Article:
Citizen science (CS) is attracting increasing interest and attention from multiple sectors of society. Educational impacts of participation, such as the development of scientific skills or increased awareness about biodiversity and conservation, are one of the most widely discussed aspects of CS. Whereas most existing studies investigate perceived or observed learning gains of citizen scientists, this paper takes an alternative perspective by examining learning-related aspects in textual self-representations of CS projects-namely project descriptions posted online. Project descriptions were chosen as objects of analysis both because they can easily be accessed and collected through automated web crawling, and because, as key elements of a CS project's online presence, they play an important role in recruiting volunteers. We have thus conducted a qualitative content analysis of 94 project descriptions with the goal of examining what they tell us about learning dimensions associated with participation in these CS projects. Building on the model of individual learning outcomes developed by Phillips et al. in 2018  as a theoretical framework, our analysis shows that some learning dimensions (such as data collection or using technology), are very prominently discussed in the project descriptions we studied, while others (e.g. experimenting, study design, community action) are clearly underrepresented. In other words, the project descriptions analyzed only partially reflect the educational potential of participation in CS. In the discussion section of this paper, we suggest possible explanations and ways in which this issue could be addressed on the level of both project design and project communication.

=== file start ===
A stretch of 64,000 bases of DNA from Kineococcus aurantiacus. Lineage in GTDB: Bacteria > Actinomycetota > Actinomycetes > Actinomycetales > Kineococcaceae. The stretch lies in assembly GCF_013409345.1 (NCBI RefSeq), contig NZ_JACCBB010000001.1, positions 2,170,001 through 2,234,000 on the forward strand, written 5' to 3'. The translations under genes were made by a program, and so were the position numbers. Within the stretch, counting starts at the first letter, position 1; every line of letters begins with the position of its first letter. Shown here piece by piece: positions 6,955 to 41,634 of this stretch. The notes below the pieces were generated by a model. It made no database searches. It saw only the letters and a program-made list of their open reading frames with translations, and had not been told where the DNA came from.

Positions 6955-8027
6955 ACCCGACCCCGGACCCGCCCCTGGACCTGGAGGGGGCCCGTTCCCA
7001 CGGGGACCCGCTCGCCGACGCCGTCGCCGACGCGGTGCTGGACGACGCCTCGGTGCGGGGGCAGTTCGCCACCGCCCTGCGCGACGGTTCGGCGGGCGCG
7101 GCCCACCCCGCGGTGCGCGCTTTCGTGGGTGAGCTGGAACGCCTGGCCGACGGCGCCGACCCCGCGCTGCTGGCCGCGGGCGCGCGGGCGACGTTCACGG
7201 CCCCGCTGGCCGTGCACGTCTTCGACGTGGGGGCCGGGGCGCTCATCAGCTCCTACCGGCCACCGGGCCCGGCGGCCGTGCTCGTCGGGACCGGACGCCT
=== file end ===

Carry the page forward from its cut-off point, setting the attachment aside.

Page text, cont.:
|Journal||Proceedings of Science|
|State||Published - 16 Dec 2022|
|Event||2022 Engaging Citizen Science Conference, CitSci 2022 - Aarhus, Denmark|
Duration: 25 Apr 2022 → 26 Apr 2022